Posts Tagged ‘woman’s dress’

This was a slightly different take for me on the shirt dress. The base shirt was quite plain, but excellent fabric. It had thin blue and green stripes on a white background. The green in it was a good match to a floral cotton I had salvaged from an 80’s dress. (it was one of those Laura Ashley style fabrics in a prom-dress style, so very dated)


The shirt had a decent fit on the top of the sleeves but was tight around the hips. I decided to stay simple and just cut the sleeves off at elbow length. I didn’t bother to salvage the cuffs but finished the sleeves with a trim band of the floral.


The side seams were cut away right up to under the armpit. Large triangles of the floral fabric were inserted to open it up on the hips. The bottom of the shirt was cut to a straight line and a wide, ungathered, band of the floral was added on to take it to a dress length. It was attached with a basic straight seam.


Keeping with the simple design, I removed the top of the collar and just reclosed the top to make a mandarin style collar. I then swapped in a set of bright green buttons and they help to dress it up.

The finished piece is clean-looking and comfortable while still being cute and professional.

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Having succeeded with my first refashion of a men’s shirt to a skirt graft, I was looking to make another plus-sized dress in the same style. The second attempt started with a men’s 3X plaid shirt. While it was in mint condition, the dullness of the colours had kept me from using it as one of the basic tunic tops. A pretty little black linen skirt looked to be a good match so I put them together. The skirt was quite small, a 6 or 8, but had a very wide flare to the bottom so I was able to keep around 8” and still have the top edge line up with my shirt hem. I really liked that the skirt looks like it has a couple of layers due to the edging of black eyelet lace on it’s bottom.

There was enough room in the shirt that I was able to do some shaping around the waist. I put in a pair of darts below the breast-line as well as taking in the side seams slightly at the waist. This was done before altering the rest of the shirt.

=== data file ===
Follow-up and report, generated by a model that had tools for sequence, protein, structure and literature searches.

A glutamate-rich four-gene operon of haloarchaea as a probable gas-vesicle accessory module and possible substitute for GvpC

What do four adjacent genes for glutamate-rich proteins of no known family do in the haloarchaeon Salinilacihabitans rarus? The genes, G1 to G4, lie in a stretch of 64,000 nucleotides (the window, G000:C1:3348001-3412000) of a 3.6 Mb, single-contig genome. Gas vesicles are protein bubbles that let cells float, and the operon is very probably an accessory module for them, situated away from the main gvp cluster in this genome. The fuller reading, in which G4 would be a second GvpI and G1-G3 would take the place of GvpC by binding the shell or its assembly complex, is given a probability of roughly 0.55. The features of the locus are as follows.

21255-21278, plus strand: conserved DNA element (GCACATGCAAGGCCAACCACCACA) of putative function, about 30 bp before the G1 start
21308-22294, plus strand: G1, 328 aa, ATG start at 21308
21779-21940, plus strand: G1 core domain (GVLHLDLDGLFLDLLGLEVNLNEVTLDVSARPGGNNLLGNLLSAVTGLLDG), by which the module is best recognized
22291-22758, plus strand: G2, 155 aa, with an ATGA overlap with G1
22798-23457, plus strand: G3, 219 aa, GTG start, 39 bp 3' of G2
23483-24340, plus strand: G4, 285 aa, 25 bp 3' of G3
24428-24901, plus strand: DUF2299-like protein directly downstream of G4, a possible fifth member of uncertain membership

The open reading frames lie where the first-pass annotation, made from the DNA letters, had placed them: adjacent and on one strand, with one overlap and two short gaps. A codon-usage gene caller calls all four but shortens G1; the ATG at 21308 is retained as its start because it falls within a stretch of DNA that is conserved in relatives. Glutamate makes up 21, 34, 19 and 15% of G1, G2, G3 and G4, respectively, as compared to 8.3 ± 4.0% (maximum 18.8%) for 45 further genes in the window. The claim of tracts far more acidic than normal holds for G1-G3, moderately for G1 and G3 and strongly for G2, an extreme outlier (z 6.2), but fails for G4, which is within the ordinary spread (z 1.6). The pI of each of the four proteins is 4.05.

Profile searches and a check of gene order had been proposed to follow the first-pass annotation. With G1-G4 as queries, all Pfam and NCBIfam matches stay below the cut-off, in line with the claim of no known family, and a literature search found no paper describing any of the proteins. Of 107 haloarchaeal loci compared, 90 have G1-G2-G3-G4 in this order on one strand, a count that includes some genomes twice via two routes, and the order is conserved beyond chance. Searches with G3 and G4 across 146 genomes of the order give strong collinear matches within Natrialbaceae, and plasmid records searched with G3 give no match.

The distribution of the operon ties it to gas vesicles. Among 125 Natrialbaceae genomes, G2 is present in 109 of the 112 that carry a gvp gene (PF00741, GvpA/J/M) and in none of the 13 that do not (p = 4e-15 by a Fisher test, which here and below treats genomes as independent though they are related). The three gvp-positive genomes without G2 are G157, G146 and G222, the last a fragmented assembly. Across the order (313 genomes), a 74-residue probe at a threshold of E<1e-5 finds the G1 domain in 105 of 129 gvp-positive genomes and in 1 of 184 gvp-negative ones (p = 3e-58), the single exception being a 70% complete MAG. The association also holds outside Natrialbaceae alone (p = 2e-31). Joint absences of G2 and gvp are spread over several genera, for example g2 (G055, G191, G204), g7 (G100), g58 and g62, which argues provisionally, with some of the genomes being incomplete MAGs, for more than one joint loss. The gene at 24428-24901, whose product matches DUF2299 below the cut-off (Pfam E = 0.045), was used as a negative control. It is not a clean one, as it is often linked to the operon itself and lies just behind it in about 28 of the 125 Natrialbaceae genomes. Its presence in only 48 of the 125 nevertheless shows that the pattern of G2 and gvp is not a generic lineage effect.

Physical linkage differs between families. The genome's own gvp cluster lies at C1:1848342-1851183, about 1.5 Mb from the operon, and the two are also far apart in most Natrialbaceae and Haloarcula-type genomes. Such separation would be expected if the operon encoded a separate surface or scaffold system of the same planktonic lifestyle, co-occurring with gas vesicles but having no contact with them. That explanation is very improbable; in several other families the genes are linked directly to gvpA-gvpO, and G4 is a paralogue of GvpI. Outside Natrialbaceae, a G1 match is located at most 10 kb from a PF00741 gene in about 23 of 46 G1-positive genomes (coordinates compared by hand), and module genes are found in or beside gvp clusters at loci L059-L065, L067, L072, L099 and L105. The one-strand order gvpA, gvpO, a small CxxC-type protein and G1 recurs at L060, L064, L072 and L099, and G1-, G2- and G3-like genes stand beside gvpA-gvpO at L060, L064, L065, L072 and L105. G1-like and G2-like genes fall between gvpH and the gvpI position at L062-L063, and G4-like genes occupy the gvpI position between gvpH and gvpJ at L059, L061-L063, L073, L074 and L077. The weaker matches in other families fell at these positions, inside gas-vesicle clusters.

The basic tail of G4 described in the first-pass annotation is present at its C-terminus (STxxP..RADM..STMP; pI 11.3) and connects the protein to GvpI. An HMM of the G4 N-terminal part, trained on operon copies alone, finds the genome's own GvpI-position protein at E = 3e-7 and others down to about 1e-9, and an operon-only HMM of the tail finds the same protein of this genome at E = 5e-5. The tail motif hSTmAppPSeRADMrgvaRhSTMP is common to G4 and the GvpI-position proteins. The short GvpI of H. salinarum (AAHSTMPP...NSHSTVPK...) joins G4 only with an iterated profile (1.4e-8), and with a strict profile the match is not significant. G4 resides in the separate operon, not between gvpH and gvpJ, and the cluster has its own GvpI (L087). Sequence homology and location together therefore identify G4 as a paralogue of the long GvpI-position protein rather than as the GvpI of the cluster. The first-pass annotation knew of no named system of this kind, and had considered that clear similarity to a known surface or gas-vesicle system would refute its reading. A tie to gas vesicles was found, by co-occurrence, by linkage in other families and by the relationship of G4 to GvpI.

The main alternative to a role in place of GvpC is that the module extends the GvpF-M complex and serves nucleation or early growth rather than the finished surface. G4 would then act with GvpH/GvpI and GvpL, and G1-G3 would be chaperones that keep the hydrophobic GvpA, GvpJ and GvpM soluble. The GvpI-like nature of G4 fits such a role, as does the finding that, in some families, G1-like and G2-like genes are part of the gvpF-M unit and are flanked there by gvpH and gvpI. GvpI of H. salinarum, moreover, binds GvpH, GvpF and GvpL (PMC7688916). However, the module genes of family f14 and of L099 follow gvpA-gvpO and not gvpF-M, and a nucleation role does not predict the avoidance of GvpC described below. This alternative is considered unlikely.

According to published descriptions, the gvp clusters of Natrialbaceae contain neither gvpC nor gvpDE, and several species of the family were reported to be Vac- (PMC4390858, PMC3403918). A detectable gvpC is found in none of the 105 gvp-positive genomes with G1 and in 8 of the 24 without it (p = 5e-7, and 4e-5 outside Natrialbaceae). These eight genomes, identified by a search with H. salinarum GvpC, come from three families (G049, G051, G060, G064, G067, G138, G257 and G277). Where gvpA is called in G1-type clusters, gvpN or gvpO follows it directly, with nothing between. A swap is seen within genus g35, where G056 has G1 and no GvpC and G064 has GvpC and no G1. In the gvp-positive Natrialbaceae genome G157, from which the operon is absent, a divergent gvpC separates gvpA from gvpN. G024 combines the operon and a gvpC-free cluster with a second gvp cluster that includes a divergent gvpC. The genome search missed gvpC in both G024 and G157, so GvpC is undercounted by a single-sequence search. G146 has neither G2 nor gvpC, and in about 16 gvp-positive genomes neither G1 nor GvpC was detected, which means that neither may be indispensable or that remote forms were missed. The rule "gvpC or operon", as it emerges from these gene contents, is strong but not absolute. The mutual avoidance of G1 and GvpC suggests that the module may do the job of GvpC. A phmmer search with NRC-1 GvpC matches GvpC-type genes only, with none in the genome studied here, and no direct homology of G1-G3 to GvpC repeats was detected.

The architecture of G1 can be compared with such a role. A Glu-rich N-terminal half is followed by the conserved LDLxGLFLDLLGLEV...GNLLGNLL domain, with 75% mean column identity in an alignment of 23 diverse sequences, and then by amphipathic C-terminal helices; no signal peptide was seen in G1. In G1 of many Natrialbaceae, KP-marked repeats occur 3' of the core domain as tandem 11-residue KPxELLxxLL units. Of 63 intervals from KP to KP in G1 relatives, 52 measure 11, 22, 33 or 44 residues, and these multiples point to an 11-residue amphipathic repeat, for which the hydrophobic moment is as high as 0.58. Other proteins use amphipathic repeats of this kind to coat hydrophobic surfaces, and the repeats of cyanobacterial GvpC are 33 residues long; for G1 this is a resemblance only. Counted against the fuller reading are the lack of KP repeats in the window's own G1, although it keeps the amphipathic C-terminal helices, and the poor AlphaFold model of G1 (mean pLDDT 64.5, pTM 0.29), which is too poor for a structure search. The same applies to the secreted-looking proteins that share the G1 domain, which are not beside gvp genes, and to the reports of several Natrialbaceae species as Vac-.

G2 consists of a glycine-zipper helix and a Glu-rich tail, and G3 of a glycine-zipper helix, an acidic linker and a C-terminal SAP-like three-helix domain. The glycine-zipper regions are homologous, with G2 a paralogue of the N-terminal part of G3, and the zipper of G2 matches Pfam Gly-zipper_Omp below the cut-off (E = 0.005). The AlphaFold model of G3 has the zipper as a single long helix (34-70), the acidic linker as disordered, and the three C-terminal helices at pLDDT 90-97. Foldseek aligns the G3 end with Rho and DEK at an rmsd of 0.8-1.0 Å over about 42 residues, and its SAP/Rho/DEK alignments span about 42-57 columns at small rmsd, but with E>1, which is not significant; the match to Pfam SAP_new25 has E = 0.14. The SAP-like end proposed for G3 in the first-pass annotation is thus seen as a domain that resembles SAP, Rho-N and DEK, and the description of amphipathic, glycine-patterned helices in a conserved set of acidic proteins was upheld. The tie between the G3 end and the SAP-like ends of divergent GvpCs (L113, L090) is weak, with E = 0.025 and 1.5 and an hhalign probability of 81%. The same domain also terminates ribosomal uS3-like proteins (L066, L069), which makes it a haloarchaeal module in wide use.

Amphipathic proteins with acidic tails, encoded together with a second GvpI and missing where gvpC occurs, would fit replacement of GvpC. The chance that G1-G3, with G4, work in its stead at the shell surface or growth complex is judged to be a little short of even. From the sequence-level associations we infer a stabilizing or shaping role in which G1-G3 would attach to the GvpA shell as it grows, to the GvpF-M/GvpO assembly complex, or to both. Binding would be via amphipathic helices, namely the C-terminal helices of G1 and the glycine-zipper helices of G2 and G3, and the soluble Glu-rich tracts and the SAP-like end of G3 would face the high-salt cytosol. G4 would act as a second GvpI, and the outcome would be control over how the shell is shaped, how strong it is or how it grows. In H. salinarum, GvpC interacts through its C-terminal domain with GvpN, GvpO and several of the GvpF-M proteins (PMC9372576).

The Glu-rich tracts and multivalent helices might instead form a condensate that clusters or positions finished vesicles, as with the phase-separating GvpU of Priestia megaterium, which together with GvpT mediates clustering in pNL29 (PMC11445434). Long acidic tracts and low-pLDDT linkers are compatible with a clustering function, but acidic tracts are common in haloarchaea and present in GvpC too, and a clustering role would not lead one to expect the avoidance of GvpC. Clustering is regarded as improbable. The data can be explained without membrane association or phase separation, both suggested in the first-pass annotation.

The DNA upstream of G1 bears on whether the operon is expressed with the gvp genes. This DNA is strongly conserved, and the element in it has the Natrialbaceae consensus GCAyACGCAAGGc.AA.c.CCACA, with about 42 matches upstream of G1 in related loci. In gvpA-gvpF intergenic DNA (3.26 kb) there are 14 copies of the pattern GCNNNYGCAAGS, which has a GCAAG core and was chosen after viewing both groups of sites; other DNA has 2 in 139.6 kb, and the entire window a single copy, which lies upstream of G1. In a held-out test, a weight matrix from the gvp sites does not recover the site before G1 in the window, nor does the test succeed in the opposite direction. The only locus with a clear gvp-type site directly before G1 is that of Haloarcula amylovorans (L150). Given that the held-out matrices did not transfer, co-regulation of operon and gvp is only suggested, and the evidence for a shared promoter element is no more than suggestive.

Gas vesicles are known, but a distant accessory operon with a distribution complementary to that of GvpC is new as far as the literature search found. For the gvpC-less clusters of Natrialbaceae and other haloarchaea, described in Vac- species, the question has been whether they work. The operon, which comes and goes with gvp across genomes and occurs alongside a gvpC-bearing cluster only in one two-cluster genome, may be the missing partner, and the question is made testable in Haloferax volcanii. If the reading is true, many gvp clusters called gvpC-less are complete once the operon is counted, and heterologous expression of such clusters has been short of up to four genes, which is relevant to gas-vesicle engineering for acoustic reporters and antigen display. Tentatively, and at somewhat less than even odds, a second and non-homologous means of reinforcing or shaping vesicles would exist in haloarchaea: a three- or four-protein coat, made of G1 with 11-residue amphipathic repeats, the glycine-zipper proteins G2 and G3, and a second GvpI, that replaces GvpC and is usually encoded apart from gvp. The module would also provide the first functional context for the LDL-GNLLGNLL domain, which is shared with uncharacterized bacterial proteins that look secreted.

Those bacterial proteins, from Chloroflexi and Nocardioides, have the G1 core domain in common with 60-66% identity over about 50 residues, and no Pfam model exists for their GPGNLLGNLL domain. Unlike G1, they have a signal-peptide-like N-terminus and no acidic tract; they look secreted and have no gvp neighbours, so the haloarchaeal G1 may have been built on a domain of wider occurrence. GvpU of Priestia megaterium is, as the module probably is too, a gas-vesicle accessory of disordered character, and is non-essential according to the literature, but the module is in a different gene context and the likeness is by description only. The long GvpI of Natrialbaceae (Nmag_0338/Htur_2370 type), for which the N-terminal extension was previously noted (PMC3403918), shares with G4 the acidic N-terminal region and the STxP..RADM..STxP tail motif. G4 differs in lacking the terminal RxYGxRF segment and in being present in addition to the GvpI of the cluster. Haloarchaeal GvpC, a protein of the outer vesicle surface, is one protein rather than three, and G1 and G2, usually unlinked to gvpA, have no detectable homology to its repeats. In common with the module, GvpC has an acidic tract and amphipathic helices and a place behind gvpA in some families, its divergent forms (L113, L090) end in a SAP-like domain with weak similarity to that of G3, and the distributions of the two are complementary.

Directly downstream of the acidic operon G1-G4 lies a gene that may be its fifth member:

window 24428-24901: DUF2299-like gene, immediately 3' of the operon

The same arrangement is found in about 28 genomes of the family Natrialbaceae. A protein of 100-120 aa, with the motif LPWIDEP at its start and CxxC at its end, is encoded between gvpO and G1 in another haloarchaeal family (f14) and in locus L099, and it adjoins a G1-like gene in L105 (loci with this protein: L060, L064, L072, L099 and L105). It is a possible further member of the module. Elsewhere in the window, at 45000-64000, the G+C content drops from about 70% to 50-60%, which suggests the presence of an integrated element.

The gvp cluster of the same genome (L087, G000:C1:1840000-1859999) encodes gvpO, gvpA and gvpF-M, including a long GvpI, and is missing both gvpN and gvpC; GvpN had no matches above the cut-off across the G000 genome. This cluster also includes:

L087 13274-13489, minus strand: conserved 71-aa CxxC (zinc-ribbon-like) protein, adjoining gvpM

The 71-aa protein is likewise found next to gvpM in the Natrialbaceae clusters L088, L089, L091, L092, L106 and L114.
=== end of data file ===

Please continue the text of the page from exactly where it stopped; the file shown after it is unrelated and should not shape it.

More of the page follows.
Once the waist shaping was done, I cut out the side seams to just below where I’d come in at the waist. Then, a pair of triangle inserts were cut from the skirt fabric and sewn in. They give both some accent to the sides and a bit more swing to the hemline.


The bottom of the shirt was cut to a straight line, folded over and sewn down to the skirt cut-off.

The shirt was more than wide enough on the arms so they were simply cut off at 3/4 length.

It was starting to look pretty dressy at this point so I decided to run with it. I had a black silk velvet scarf in the stash and used it to both trim the sleeves and make a new top for the collar. As before, the original collar was removed and used as a pattern for the replacement. In this case, I wanted a bit more drama to it, so I kept the same shape at the bottom of the collar but expanded it at the top. To do it, I traced the original on some craft paper and then sketched out some possibles. Once I had something I liked, I folded it over and cut the second side to make sure they matched. Since the new pattern had stayed the same at the bottom, it fitted perfectly. Black interfacing was needed, due to the transparency of the silk velvet.


Finally, a set of fancy buttons finish the look. While they look great, they are a bit too big to fit through the buttonholes so the front was sewn down and the buttons sewn into place over their buttonholes. Making them completely decorative was optional but the sew-down should prevent future ironing problems.


(I want to mention that while the pictures make it look like the skirt is significantly lighter than the collar and trim, it really isn’t. I had to fade the pictures out a bit so you could see any detail on the skirt due to the intensity of it’s blackness!)


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